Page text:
Experts believe the Bank of England's suggestion that the worst of the credit crisis is over is too optimistic.
In its Financial Stability report, the Bank claimed that "conditions should improve" and that losses may have been "overstated", but Citigroup remains sceptical.
Managing director for Citigroup's securitised products division, Birgit Specht, said that Citi's research backed up the part of the Bank's report that covers residential mortgage-backed securities. Citigroup predicts that implied losses for this division will be less than 3.6 per cent for the UK market.
But other aspects of the review did not take into account the whole picture, according to Citi economist Michael Saunders. The Financial Times reports him as saying that: "At its heart, the financial crisis has been triggered by the mix of surging private debts, booming asset prices, strong private spending and plunging private savings."
Despite the launch of the new Bank of England special liquidity scheme, many experts believe that the effects of the credit crunch are far from over. Although liquidity in the UK financial sector should be improved as a result of the move, there are fears that the scheme – which will allow banks to swap risky mortgage-based assets with Government bonds – is not enough, and that it will not have an impact in the near future.
But the National Institute of Economic and Social Research believes: "The Bank of England liquidity scheme is not going to reduce the risk associated with mortgages and people who expect it to have a substantial impact on mortgage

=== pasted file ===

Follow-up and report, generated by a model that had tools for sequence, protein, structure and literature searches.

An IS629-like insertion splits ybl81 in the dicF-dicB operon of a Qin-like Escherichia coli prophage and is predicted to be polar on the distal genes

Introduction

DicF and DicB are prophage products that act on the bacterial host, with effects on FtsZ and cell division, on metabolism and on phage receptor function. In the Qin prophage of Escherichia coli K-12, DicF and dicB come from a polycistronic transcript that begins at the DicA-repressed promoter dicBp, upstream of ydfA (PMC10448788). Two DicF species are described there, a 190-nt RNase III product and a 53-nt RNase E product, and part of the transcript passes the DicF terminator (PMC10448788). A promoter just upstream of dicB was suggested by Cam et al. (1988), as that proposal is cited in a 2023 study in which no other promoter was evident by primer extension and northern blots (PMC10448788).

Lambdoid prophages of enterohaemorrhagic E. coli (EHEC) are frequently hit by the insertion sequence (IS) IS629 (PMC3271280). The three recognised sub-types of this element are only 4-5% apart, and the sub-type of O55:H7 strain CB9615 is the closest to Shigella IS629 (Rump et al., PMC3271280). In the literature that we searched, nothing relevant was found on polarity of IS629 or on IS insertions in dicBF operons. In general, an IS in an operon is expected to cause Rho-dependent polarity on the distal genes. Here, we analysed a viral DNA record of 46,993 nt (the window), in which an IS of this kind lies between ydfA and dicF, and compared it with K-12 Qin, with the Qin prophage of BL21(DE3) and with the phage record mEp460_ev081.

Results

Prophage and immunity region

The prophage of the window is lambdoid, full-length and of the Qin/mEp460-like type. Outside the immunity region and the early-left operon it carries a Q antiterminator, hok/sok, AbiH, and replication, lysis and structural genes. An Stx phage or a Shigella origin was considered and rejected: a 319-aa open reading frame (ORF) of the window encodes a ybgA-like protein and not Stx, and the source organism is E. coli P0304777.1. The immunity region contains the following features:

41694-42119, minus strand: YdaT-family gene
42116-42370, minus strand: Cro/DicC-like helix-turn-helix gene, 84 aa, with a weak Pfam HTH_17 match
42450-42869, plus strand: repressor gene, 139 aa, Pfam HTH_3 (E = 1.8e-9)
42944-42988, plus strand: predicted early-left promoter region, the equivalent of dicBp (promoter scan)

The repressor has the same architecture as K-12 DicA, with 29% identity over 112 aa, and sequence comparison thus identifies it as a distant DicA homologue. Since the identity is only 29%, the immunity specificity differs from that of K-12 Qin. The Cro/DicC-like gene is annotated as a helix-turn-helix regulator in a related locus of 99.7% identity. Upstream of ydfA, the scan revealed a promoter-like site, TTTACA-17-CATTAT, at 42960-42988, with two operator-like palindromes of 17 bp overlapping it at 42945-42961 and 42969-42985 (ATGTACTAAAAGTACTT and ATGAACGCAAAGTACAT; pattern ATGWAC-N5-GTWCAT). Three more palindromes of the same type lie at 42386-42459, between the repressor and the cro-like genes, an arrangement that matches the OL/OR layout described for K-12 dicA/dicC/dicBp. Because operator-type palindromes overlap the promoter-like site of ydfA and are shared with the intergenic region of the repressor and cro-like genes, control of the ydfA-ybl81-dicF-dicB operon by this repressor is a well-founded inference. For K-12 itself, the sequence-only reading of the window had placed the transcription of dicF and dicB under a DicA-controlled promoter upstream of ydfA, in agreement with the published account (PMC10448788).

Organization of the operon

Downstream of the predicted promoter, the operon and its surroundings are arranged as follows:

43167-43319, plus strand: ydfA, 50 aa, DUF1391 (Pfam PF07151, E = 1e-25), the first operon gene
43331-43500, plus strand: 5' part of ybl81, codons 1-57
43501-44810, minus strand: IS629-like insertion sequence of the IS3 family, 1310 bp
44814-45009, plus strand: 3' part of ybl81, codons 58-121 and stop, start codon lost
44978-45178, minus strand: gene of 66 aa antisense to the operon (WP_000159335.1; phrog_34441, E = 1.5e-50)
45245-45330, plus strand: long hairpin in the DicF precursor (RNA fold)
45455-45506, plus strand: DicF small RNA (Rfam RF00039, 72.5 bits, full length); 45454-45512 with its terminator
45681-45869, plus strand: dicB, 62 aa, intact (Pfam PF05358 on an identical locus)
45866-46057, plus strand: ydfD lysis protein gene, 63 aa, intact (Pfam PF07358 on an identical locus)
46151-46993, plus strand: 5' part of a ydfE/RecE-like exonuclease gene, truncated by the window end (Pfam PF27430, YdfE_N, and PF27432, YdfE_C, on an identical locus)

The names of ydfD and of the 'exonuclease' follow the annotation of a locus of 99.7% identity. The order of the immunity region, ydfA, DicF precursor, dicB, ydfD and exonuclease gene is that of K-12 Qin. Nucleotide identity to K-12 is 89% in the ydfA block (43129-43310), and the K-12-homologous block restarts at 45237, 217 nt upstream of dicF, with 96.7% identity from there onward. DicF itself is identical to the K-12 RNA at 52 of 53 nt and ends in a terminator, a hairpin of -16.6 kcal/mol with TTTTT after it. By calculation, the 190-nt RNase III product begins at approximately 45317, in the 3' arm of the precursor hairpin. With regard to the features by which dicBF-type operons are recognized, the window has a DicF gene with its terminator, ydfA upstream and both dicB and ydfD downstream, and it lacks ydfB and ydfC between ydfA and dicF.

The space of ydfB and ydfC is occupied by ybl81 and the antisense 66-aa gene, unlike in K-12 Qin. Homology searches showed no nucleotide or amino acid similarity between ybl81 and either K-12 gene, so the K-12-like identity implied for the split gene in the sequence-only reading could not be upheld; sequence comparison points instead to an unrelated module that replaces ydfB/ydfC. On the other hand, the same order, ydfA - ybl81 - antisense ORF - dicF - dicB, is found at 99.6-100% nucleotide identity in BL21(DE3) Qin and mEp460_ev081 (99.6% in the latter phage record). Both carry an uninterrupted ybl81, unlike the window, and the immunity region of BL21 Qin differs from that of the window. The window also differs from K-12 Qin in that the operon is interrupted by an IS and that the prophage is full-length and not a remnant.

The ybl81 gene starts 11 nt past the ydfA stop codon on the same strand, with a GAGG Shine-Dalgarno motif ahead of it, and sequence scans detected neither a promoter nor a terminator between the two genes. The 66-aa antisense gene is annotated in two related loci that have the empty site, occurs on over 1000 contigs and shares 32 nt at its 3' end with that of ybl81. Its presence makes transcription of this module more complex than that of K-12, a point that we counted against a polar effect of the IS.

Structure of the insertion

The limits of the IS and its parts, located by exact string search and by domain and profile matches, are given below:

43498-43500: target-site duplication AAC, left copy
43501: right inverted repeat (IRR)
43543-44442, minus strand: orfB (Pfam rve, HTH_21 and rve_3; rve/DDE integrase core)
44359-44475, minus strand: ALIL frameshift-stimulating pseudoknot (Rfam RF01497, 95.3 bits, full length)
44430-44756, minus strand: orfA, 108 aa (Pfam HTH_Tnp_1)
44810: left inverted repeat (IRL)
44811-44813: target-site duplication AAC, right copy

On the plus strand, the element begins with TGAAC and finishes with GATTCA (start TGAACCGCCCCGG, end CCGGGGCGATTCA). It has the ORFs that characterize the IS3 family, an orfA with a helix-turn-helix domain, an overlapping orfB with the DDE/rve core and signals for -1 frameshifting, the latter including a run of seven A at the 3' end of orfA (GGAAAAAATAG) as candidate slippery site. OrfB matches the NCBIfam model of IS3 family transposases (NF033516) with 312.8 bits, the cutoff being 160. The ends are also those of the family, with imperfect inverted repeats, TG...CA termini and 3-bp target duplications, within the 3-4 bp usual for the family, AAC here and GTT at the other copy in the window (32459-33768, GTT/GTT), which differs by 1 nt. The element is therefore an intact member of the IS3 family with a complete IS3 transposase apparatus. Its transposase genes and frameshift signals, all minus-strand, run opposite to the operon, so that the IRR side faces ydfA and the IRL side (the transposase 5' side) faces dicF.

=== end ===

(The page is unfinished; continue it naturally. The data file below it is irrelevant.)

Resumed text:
rates are likely to be disappointed."
The Bank of England review explains that "Rising US sub-prime defaults were the trigger for a broad-based repricing of risk and deleveraging in credit markets," but is optimistic that, despite the fact that the problem is still evidently hampering lenders, pressure will start to ease. It hopes that confidence will return and that inter-bank lending will resume, which would have a significant impact on the banking
and mortgage sectors.
The review was welcomed by the National Association of Estate Agents. "There has been much ‘doom and gloom' reported over the past few months, especially with regards to the global credit crunch. However, to hear that there is light at the end of the tunnel should come as a massive boost to consumer confidence and is the crutch that both consumers and organisations very much need," said the company's chief executive, Peter Bolton King. However, chief international economist at Capital Economics, has warned clients that: "for the wider economies, particularly the US and UK, the worst is still to come."